20 October 2014

Over a skinny latté IV

Richard Gubbins and Peter Kingsbury
ANAM and St Michael’s Church
9 May 2014, 6 July 2014

The fourth in a series of interviews about Flinders Quartet.
First published in Flinders Quartet:October update 2014

A pair of old friends, both with a long-standing love of music, agreed to commission Paul Dean to write the piece for Flinders Quartet. They discussed why they are doing it.

 Twenty years ago Andrew Ford on Classic FM talked about the idea of people forming a group to commission compositions. That idea stuck in Richard’s mind until he was able to commission Calvin Bowman’s The Curly Pyjama Letters for Flinders Quartet. The Paul Dean string quartet is a larger scale commission that emerged from a lunch with Paul, Richard and Richard’s dentist, Peter Kingsbury. ‘It involved an inheritance from my mother’ Richard said, ‘and I have burnt all that.’

Peter Kingsbury

For Peter, commissioning music is not about leaving a memorium; nobody remembers the sponsor. His motivation is about fostering an Australian idiom – how we as Australians see music as part of culture. ‘There are lots of wonderful new composers that need support,’ he says. ‘They don’t write for nothing. Mozart found out to his great horror that we die if we don’t get enough sustenance.’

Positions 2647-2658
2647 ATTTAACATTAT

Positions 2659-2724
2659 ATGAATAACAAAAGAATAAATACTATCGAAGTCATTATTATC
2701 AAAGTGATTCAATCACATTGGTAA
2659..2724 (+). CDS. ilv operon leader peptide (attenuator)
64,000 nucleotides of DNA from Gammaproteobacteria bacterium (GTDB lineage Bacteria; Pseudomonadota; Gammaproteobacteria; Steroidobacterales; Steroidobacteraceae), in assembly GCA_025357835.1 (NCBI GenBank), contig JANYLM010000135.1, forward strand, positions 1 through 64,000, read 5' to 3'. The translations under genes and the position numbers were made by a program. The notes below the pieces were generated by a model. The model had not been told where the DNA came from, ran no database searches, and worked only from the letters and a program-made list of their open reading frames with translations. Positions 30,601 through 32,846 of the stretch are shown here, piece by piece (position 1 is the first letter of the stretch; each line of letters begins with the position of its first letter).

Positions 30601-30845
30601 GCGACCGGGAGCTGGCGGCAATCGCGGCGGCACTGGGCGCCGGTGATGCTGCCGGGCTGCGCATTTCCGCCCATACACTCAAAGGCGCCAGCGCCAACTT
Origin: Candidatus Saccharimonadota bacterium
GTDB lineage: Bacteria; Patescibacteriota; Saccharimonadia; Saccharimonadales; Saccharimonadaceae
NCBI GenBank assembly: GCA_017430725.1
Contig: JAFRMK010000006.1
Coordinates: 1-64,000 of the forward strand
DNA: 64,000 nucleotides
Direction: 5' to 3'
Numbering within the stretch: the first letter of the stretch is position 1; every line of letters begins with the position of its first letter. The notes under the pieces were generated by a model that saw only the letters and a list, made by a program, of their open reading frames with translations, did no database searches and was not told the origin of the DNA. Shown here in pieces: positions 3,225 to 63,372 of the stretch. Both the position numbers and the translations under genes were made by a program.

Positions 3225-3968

Richard says he was far too slack to have learned an instrument. ‘I had the opportunity as a child. My parents acquired a piano from Allen’s on hire-purchase but it had to be returned.’ He sang first bass with Melbourne Chorale for 15 years and he loves the march in Beethoven’s Ninth because of its lovely tessitura. He thinks it is great fun to sing, and exhilarating. He loves Vaughan Williams’ Sea symphony. ‘It’s beautiful. It starts off with “the sea itself” and you feel the waves of sound.’ ‘My taste is catholic’ he says,’ but others might say I’m just a prostitute – a musical prostitute; I don’t understand most contemporary music.

Richard Gubbins

Peter used to play, very badly, the recorder in third grade at Cheltenham East State School. ‘I gave up because I couldn’t get past ‘Merrily, we roll along.’

For him, a commission is not about fame or immortality. It’s about trying to say, “this is how Australia was and how Paul Dean interpreted Australia and how Flinders Quartet interpreted Australia at the beginning of the 21st century”. So Paul has artistic carte blanche.

Peter sums it up, ‘it should speak to my emotions otherwise I don’t think the piece of music will survive’.

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